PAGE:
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Experience is the best teacher of all

Marine Guide Magic Week 3

This is probably the last blog I will write today, as I have done all the courses Ulovane offers. So I might as well enjoy it! 

This marine guide course is a very special experience and quite different from the previous three courses (Field Guide, Trails Guide, and Bird Specialization). We are 5 students in a nice villa by the sea and situated right on the estuary in Kenton on Sea. The biodiversity here is quite different but just as magical, if not more so. The organisms, plants, animals, and landscapes are new and deserve special attention as the marine area is unknown to me. However, it is exciting and above all beautiful. I now understand that the ocean and all the different components that interact with it have a huge influence on what happens on land.

The climate, the geology, the type of plants, animals, everything is influenced by the incalculable force of the ocean. What a power! I am impressed, for example, by the force of the waves that crash on the rocks until they erode them. I could stay all day watching this. My goal is now clear: I want to add the title of Marine Guide to my list of skills, in order to potentially become a Free Lance Guide and travel with clients in South Africa to show them how beautiful nature is and how important it is to protect it and rewild it. 

To conclude this blog, I would like to thank the Ulovane team, who has been an exceptional help in my personal life and development. I cannot thank Schalk, Pieter, Candice, Jacques, Tatum, and all the other people and students I had the chance to meet enough. You have transformed me, my life, and my future. 

Thank you.

  • Nicolas

Everybody has a different journey. Everybody has a different path, and you don’t really know what to expect. All you know is to just keep plugging away, and you hope something will come through and something will happen. Grace Gealey

Apprentice Field Guides – Week 8

In the words of one of our fellow students and newfound friend Marcus “What can I say?”

Where does one even start trying to put 8 weeks of everything imaginable into a few words?

The past 8 weeks have been a rollercoaster of a journey. From arriving on day one and feeling lost in the hype of excitement of local and international students alike, to now having some knowledge and being able to assist others who themselves feel a bit lost with the workload or schedules or vehicles or whatever, has been such a wonderful experience in itself.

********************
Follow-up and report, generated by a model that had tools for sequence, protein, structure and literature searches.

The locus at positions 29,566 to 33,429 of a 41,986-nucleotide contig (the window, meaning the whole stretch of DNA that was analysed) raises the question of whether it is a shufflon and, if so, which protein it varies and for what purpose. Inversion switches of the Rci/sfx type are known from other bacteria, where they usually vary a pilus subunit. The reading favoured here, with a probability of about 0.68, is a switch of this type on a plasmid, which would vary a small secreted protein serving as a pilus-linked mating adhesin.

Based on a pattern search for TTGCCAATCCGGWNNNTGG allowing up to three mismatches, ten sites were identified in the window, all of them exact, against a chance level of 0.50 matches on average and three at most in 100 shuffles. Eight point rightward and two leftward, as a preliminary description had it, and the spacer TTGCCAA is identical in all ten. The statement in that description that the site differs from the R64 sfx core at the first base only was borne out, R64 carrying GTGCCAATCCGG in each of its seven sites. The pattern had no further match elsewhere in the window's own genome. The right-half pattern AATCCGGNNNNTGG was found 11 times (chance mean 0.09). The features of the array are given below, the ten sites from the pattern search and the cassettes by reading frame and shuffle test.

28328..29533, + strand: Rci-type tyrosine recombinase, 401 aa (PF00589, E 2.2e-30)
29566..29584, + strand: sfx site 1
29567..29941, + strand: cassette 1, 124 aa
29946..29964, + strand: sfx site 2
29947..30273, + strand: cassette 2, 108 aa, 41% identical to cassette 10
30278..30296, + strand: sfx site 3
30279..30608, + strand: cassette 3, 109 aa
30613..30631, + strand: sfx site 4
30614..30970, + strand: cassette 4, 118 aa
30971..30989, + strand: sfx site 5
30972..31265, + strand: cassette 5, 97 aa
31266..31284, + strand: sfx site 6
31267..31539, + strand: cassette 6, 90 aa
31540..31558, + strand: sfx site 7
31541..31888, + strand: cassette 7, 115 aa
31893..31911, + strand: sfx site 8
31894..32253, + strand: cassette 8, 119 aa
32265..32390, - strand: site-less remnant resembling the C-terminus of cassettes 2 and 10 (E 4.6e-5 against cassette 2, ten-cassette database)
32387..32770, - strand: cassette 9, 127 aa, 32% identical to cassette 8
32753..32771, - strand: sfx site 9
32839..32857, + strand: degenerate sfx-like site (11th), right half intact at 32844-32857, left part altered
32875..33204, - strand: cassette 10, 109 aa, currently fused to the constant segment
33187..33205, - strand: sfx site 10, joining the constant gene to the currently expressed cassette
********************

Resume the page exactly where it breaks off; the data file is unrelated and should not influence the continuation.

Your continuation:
We have learned SO much about nature in 8 weeks, yet it feels like only a drop in the biospheric bucket of things we must still learn and get to know. Schalk, Piet, and Graeme have blown me away, firstly with their absolute bottomless pit of knowledge and information and secondly with the love, respect, and passion they have for this planet that we call home. It is mindboggling how they have been able to do this for so many years, because every few weeks, when a new group of students arrives, the same questions are asked over and over, yet they answer these questions passionately with a smile on their faces again and again! And of course, we all know that this amazing educational center would be nothing without the two ladies, Candice and Tatum, who run and manage this well-oiled learning machine, and ex-cop superchef Jacques who feeds everyone and everything that needs to be fed!

Every week comes with its own challenges, yet every week has had some amazing highlights that just remind me again why I am here, doing what I should have done 20 years ago!

One Friday morning we ended up being caught in the local morning mammal traffic and suddenly found ourselves surrounded by a herd of elephants. After a quick lesson and chat from Schalk, we just sat there listening to these big guys and girls, just eating, chewing, and tummies rumbling away, birds chirping and tweeting in the background. It was such a glorious morning of experiencing the sounds of the bush and just being one with nature, almost even forgetting that I was still sitting in the back of old faithful and much loved Sully the Land-cruiser, our game viewing vehicle.

On a more recent morning drive, we had the privilege of experiencing a little baby red hartebeest giving his first little wonky steps immediately after birth. As a Mom, this was a super special moment to me and on a day when my emotional battery needed some recharging, this was just the thing nature had in mind for me! It was awesome watching her lick and nudge and help the little guy to get up and then to stand on his own 4 feet. It definitely ranks up there as one of the most special moments of my life!

I must admit, coming into this as a 43-year-old “student” was a bit daunting, let alone the fact that I left my 12-year-old son to endure his dad’s homemaking skills for 10 weeks! But, he is still alive, thank goodness for that, and so am I, or at least last time I checked!

I have come to realize that age was the last thing to worry about on this course and that it really is just a silly number we use to count our earthling years. Do not let any fears hold you back from doing what you feel you should be doing and if that inner voice ever speaks to you, as it did to me, better you heed the call and answer! You won’t regret it!

Hakuna Matata!

  • Carine

“It’s never too late to change your life for the better. You don’t have to take huge steps to change your life. Making even the smallest changes to your daily routine can make a big difference to your life.” Roy T. Bennett, The Light in the Heart